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Arlin Cuncic

Japanese Hikikomori Lead Life of Seclusion

By January 23, 2011

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I was recently reading about a Japanese cultural phenomenon known as "hikikomori". Hikikomori means "withdrawal", and refers to a phenomenon in Japan in which individuals sequester themselves from the world for 6 months or longer (sometimes for decades). The term can be used both to describe the problem and the individual.

Hikikomori are usually male, adolescent or twenty-something, live with their parents, and rarely leave their rooms. Estimates of the problem in Japan range anywhere from 100,000 to 1 million people living this life of seclusion.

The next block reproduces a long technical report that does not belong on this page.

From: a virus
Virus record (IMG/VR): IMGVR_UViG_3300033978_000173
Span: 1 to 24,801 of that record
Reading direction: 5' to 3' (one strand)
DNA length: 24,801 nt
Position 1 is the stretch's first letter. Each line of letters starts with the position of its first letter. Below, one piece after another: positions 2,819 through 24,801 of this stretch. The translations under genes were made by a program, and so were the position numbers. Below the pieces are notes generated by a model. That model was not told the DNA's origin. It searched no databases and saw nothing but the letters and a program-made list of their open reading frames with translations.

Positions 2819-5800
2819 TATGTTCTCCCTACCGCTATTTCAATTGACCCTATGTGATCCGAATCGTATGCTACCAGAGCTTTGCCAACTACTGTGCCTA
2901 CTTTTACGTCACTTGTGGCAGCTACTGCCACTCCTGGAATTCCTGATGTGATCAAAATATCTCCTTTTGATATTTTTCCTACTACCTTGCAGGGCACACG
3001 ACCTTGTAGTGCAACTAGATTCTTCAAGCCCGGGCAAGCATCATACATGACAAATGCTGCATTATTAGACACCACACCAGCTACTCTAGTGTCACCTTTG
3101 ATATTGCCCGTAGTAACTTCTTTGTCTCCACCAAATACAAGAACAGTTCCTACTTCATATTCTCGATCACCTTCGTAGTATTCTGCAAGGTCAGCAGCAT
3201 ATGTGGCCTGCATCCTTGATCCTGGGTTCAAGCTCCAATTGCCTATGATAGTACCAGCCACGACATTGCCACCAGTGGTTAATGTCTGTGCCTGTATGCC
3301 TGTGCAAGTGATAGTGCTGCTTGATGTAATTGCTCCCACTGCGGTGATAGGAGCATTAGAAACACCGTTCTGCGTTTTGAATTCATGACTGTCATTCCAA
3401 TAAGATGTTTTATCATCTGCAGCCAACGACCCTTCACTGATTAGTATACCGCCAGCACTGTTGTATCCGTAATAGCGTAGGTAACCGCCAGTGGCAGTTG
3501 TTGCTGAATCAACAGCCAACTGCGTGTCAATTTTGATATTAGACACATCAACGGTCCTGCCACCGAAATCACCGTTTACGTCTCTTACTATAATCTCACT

Experts have yet to pinpoint the cause of the problem. Possible contributing factors that have been identified include:

The impact of hikikomori on the country is not to be underestimated. The longer these youth spend in seclusion, the less likely it is that they will return to function in society. This places a heavy weight not only on the parents, but on healthcare and social assistance.

Interestingly, hikikomori is seen less often in poor families. Why? Because parents cannot afford to support their grown children while they live in their rooms. In a way, parents are enabling the condition.

What do you think? Are parents in Japan to blame for this phenomenon? Can mental health problems such as SAD be enabled?

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